NOTE: In addition to registration in the windows registry, plugins must also be registered with a plugin point in ODTK . This registration is done using xml registration files. Registration files are provided for all of the sample plugins in the sample code area. After registering a sample plugin, the corresponding registration file needs to be copied to an appropriate folder. See Registration as a Plugin Point below.

Registration in the Windows Registry

Because each plugin component is a COM object, it must be registered for use in the Windows registry. You must have administrative rights to add components to the Windows registry. In the sample code provided for the compiled languages, the build settings have been configured to automatically register the sample plugin component during the build. Windows script components are not compiled but still must be registered. The registration associates a GUID and ProgID defined by the component.

Regsvr32.exe requires administrator rights in order to register a plugin. Once registered, it's available to all users on that machine (provided that the actual file location on the disk does not change). It's sometimes difficult to find a system administrator to register the plugin though. In this case we have provided a VBScript utility "register_wsc_hkcu.vbs" located in your install under <INSTALL DIR>\CodeSamples\Extend (where <INSTALL DIR> is typically C:\Program Files\AGI\ODTK 6 (32-bit Windows) or C:\Program Files (x86)\AGI\ODTK 6 (64-bit Windows)). The utility will register a Windows Script Component to the HKEY_CURRENT_USER area of the Windows registry rather than HKEY_LOCAL_MACHINE. To run the utility, open up a command prompt and change directories to the location of the utility. Then enter

cscript register_wsc_hkcu.vbs "Your WSC Name.wsc"

replacing "Your WSC Name.wsc" with the actual full path to the location of your Windows Script Component (WSC) file. The utility will parse your WSC file and make the appropriate entries into the Windows registry. This utility must be run for each user on the machine if they want to use that plugin.

NOTE: Before registering the components, if you have Microsoft AntiSpyware application actively running, you will have to perform one of the following tasks:

Windows Script Component Plugins

Components built as a Windows Script Component with a scripting environment (VBScript, JScript, Perl, Python) should have a filename extension 'wsc'. This is a XML text file declaring the implementation of the plugin interface. To register the component, create a command window (under the Start menu, hit "Run ...", type 'Command' and hit OK). Change your directory (using cd) to that of the file. At the command prompt, type 'regsvr32 YOUR_FILENAME'. For example:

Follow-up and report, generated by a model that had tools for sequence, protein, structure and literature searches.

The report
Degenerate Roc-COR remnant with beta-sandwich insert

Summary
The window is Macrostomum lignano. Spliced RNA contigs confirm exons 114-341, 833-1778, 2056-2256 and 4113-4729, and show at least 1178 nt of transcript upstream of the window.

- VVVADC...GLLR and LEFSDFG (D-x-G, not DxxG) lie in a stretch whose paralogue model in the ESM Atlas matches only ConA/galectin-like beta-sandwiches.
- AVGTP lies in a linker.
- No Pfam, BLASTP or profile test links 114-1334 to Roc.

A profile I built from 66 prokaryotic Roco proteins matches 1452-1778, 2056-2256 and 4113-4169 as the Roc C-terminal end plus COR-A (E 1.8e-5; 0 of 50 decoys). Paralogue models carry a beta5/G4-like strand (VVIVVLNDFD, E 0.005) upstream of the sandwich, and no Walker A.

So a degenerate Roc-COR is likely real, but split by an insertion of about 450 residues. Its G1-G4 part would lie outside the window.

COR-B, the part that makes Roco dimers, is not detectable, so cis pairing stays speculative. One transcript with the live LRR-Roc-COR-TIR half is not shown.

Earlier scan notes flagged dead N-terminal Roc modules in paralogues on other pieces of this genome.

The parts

regsvr32 VBScript.Example1.Hpop.wsc

Compiled Plugins built without using .NET

Compiled components are contained in a dynamic link library, whose filename has an extension 'dll'. To register the component, create a command window (under the Start menu, hit "Run ...", type 'Command' and hit OK). Change your directory (using cd) to that of the file. At the command prompt, type 'regsvr32 YOUR_FILENAME'. For example:

regsvr32 Agi.As.Hpop.Plugins.CPP.Examples.dll

Compiled Plugins built using .NET

Compiled components are contained in a dynamic link library, whose filename has an extension 'dll'. To register the component, create a command window (under the Start menu, hit "Run ...", type 'Command' and hit OK). Change your directory (using cd) to that of the file. At the command prompt, type 'regasm /codebase YOUR_FILENAME'. For example:

regasm /codebase Agi.As.Hpop.Plugin.CSharp.Examples.dll

NOTE: Your system may not recognize the regasm command. In that case, you will need to specify the full filepath to RegAsm.exe. The file itself is found in a sub-folder of C:\WINDOWS\Microsoft.NET\Framework\. The actual folder depends on your version of the .NET Framework installed on your machine.

Registration on 64-bit machines

When using regsvr32 on a 64-bit machine, it is important to know whether the COM object is built using a 32 or 64 bit architecture. In most cases, it is using 32 bits. To register a 32 bit built COM object, you must use the 32 bit version of regsvr32. Normally this is found in C:\Windows\SysWOW64. By default, 64 bit machines use the 64 bit version of regsvr32, so you should use

C:\Windows\SysWOW64\regsvr32.exe YOUR_FILENAME